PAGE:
Jennifer Harrison always wanted to be an architect: "I remember being 7 and getting angry because when they built new houses they didn't make them to look like old houses, or when they did, they didn't do a very good job of it."
First attracted to "old signs and urban decay," Gordon Leverton soon turned his attention toward houses: "As long as they speak to me than I'm more than willing to listen."
Garbage day holds a special place in Karin Rabuka's heart: "I would wait for Tuesdays at 8 a.m. and I would do portraits of people's homes and what they had outside."
Meet the House Painters. No, not the kind wielding sloppy stepladders, but those who comb city laneways, suburban streets, parking lots and parkettes for artistic inspiration of a residential nature, then incubate those images until they're coaxed from paint-spattered hands onto the white canvas.
Ms. Harrison, a resident of Toronto's Junction neighbourhood, prepares her canvas by applying a thick acrylic polymer - with a consistency similar to cake frosting or drywall compound - then quickly carves her subjects into it before it dries. Next, a brown undercoat is applied over the entire image, then, finally, the various oils are applied in stages.
Choosing to focus solely on the architectural features of houses, the 37-year-old omits most human artifacts - drapery, shrubbery and automobiles - and replaces that authenticity by using "the really classic Toronto colours" she finds during scouting missions.
"When I'm walking and I see stuff like a pine green and it's faded into that florescent bluey-green colour ... and then there's that red when [the homeowner]tried to match the brick colour, those are really inspiring, fantastic colours ... so if I can find a really good tone then I'll take a big piece [of chipped paint]and put it in my pocket," Ms. Harrison says.
Back in the studio, she matches these samples using more than 500 tubes of oil. These "tones" are so bright and cheery, folks at the annual Toronto Outdoor Art Exhibition in Nathan Phillips Square usually assume her paintings depict the jumbled and colourful homes of Newfoundland rather than those of the Junction.
Although most of his subjects are plucked from his native Hamilton, Mr. Leverton has recently been snapping pictures of the Junction's back alleys with his camera phone. "You can tell more about a person by looking in their backyard than their front yard," the pastel artist chuckles.
Indeed, whether they depict Steeltown or Hogtown, most of his creamy, smooth works present tightly edited views - a section of roof traced by eavestrough, a wonky back porch, a garage door or an angled shadow on a blank wall - that celebrate the forgotten and mundane pieces of domestic life.
While the 42-year-old's use of light and shadow leans toward American realist legend Edward Hopper, Mr. Leverton's unconventional "macro view" forces foreground and background to become indistinguishable, which creates abstraction.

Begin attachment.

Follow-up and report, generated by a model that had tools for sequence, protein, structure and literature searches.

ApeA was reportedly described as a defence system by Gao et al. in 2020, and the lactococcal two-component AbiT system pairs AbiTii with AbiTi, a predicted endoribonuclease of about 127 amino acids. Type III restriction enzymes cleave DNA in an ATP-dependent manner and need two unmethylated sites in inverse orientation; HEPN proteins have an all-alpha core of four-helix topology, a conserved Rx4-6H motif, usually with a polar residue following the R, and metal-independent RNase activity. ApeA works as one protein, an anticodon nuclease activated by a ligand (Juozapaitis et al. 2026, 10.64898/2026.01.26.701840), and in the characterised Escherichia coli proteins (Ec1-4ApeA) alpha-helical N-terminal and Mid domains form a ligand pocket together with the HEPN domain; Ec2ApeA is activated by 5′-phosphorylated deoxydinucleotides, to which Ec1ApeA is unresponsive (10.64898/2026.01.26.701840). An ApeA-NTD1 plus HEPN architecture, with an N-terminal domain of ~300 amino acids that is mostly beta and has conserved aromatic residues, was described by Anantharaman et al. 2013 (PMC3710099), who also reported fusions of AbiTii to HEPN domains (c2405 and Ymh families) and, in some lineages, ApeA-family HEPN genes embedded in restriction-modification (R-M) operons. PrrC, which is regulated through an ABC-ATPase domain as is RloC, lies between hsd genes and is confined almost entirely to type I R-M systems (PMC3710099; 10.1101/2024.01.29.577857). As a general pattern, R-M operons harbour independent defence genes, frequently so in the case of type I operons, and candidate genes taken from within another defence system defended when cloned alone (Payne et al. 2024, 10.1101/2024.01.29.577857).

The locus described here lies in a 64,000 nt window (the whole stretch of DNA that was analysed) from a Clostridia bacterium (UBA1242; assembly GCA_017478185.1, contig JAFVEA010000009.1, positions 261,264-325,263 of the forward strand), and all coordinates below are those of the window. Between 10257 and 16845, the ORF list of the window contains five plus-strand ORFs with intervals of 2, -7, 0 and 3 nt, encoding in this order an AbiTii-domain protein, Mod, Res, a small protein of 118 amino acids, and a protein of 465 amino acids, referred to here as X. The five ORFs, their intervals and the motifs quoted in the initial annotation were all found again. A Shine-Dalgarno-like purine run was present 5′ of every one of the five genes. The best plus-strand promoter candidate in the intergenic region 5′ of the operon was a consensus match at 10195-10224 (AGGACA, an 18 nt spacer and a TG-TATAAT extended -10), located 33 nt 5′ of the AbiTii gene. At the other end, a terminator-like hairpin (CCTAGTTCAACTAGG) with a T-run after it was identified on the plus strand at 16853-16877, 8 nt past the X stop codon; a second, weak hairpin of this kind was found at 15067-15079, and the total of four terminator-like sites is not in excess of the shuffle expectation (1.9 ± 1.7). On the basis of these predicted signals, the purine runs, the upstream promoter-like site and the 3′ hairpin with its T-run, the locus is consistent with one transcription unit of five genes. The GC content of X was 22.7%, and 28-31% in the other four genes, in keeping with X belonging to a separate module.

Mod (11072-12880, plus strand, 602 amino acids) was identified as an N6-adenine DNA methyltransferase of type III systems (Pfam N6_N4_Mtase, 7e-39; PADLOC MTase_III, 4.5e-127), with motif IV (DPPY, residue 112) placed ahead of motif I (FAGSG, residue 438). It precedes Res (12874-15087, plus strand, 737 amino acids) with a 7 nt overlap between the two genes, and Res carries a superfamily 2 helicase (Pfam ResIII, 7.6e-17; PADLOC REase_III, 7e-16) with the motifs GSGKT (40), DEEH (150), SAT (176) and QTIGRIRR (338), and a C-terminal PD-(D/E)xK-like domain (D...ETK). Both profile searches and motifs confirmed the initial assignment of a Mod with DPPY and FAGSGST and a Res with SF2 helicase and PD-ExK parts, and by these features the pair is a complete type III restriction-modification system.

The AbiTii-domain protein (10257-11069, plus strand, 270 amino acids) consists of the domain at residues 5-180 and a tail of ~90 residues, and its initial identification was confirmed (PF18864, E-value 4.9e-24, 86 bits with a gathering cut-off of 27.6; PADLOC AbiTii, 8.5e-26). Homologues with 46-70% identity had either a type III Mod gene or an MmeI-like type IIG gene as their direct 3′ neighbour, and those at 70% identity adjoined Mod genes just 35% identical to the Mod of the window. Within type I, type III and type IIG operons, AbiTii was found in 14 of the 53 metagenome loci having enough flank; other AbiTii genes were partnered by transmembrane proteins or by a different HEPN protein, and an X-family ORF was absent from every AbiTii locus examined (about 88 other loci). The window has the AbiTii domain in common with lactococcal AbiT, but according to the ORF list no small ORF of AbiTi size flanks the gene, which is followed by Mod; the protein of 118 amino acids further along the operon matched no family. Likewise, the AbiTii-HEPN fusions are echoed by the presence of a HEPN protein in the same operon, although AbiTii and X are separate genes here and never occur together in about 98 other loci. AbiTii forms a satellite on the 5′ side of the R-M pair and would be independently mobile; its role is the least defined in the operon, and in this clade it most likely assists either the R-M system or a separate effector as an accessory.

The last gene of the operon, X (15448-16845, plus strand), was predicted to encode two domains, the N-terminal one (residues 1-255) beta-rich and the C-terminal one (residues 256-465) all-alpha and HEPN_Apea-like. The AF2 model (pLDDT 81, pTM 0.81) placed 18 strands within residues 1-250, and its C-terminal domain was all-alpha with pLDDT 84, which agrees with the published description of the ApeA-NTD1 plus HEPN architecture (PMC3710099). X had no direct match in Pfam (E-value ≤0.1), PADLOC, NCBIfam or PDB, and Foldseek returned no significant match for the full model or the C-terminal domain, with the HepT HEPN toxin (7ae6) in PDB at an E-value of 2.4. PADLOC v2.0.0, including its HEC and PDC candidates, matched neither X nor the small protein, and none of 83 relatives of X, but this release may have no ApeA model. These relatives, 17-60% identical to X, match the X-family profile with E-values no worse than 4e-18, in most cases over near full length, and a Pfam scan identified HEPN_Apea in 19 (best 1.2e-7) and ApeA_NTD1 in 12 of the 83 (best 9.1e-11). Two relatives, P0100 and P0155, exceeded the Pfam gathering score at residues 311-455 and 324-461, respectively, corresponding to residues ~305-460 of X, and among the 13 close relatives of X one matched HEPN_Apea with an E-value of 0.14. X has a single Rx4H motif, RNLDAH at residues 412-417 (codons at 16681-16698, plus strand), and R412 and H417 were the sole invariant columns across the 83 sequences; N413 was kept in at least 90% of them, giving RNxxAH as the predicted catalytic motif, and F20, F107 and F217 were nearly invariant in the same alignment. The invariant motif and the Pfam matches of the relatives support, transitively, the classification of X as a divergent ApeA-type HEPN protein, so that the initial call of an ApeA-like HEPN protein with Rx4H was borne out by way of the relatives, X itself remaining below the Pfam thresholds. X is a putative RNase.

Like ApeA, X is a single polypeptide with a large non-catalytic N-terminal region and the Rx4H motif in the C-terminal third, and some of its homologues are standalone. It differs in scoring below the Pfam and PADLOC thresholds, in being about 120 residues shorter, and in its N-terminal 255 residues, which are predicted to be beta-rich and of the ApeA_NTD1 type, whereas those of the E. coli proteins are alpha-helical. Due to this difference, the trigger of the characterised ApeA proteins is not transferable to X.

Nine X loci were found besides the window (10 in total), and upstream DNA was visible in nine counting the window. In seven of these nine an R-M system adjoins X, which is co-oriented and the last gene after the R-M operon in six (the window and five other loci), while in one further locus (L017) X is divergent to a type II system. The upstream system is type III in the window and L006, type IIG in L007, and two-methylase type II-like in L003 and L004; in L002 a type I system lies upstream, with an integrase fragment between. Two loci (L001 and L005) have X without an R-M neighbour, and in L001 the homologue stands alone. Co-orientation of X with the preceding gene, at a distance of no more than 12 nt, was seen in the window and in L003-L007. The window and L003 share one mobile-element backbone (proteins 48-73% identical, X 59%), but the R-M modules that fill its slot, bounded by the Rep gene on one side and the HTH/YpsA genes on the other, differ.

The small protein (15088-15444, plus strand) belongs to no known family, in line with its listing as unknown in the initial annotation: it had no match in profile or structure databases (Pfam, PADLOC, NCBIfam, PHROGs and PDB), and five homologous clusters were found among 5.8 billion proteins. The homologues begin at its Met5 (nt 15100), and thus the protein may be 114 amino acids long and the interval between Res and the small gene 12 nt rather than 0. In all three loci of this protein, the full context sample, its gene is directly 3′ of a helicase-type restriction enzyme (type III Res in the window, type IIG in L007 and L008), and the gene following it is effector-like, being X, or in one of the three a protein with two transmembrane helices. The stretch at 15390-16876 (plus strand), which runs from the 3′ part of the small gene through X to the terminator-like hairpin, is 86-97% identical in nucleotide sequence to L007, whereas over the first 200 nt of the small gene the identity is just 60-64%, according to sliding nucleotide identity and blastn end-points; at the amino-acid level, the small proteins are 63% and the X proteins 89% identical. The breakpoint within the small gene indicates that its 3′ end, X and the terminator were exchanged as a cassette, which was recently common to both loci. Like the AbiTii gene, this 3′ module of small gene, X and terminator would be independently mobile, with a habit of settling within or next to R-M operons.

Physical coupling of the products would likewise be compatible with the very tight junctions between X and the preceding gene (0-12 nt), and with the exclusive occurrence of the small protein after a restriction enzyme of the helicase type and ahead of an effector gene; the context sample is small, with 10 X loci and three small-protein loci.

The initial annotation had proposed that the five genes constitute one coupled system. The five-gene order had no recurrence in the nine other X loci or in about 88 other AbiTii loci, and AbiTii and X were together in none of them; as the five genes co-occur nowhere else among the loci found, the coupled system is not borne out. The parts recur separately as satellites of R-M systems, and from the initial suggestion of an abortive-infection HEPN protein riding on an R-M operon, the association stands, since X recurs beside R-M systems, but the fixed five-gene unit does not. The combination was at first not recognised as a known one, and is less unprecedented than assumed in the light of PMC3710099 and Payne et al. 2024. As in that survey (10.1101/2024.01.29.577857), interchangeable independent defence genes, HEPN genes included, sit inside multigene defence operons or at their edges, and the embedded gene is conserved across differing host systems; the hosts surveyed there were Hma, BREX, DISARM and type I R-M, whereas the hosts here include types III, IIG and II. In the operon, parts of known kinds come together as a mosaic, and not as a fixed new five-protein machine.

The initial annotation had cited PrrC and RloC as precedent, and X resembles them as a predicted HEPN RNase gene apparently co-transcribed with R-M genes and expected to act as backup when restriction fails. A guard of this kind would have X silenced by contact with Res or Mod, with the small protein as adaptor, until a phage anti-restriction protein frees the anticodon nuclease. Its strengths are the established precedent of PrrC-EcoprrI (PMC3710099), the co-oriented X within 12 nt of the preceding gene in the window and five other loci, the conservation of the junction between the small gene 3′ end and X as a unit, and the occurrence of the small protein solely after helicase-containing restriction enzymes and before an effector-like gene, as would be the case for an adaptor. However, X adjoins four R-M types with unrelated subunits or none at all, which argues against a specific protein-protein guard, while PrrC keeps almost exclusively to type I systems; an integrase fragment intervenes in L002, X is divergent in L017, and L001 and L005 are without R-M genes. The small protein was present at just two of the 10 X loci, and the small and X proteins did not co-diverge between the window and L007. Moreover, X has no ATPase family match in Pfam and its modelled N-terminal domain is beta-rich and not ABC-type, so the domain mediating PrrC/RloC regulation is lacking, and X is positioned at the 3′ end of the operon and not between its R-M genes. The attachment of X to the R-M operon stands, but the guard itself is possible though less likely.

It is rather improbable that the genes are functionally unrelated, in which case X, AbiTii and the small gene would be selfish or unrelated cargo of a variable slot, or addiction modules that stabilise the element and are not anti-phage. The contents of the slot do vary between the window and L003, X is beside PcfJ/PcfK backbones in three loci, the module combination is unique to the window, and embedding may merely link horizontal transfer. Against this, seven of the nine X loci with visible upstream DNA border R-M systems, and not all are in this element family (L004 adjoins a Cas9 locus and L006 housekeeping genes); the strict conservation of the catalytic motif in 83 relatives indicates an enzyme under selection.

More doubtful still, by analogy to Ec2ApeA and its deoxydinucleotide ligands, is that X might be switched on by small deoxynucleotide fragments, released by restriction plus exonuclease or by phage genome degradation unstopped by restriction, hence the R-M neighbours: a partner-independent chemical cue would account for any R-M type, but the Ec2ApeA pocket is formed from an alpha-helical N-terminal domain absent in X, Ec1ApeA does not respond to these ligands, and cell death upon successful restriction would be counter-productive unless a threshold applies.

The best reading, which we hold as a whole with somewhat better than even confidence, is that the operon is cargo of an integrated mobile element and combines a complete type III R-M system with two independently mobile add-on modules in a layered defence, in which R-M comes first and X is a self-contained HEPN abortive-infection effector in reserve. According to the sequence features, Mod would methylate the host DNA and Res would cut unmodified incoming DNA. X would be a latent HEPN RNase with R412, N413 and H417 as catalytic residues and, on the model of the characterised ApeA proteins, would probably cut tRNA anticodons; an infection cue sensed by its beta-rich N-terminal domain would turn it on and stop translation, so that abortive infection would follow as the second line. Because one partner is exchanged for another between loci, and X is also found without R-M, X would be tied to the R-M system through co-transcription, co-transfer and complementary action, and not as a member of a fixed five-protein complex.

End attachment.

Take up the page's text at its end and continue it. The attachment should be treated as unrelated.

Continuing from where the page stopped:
"I love to play with those spatial planes, so if it's a green house that runs into a blue house, I'm more interested in the overall shapes and the lines and how they run into each other," he says.
A few years ago, the self-taught artist created a series called Favelas based on houses in Hamilton's gritty north end because their ramshackle nature reminded him of Brazilian slums.
"These makeshift houses that just sort of go up hills, they're somewhat dubiously legal," he says. "People need places to live and they find these creative ways to make their dwellings."
While Ms. Rabuka has not travelled as far as South America, she has moved around enough in her 34 years to understand that inspiration can be found in both the dignified homes of her former north Toronto neighbourhood, and in the moments just before garbage pickup when she lived in Waterloo, Ont.
"I don't try to edit out what I notice, I just love to paint humanity and if there's a sofa on the side of the road then I'll paint that in," she says.
Even an apparent lack of humanity is fit for Ms. Rabuka's brush. While living in Ajax, Ont. (just before her current move to the Ottawa countryside), she marvelled at the "mystery" of her surroundings.
"People don't tend to reflect who they are in subdivisions as much, they cover over personalities and everything does tend to look so similar," she says.
Bright colours, bold outlines and a childlike two-dimensionality give her homes, whether stately or suburban, an unexpected vibrancy, which in turn emphasizes "the importance of the mundane," she says. Simple circles around light sources or sky stripes to replace gentle gradations of colour may look naive, but they subversively "bring a new awareness to the viewer of what is around them."
Squares of canvas, sheets of paper: In the hands of the House Painters, they become windows onto the wonders of our residential world.Report Typo/Error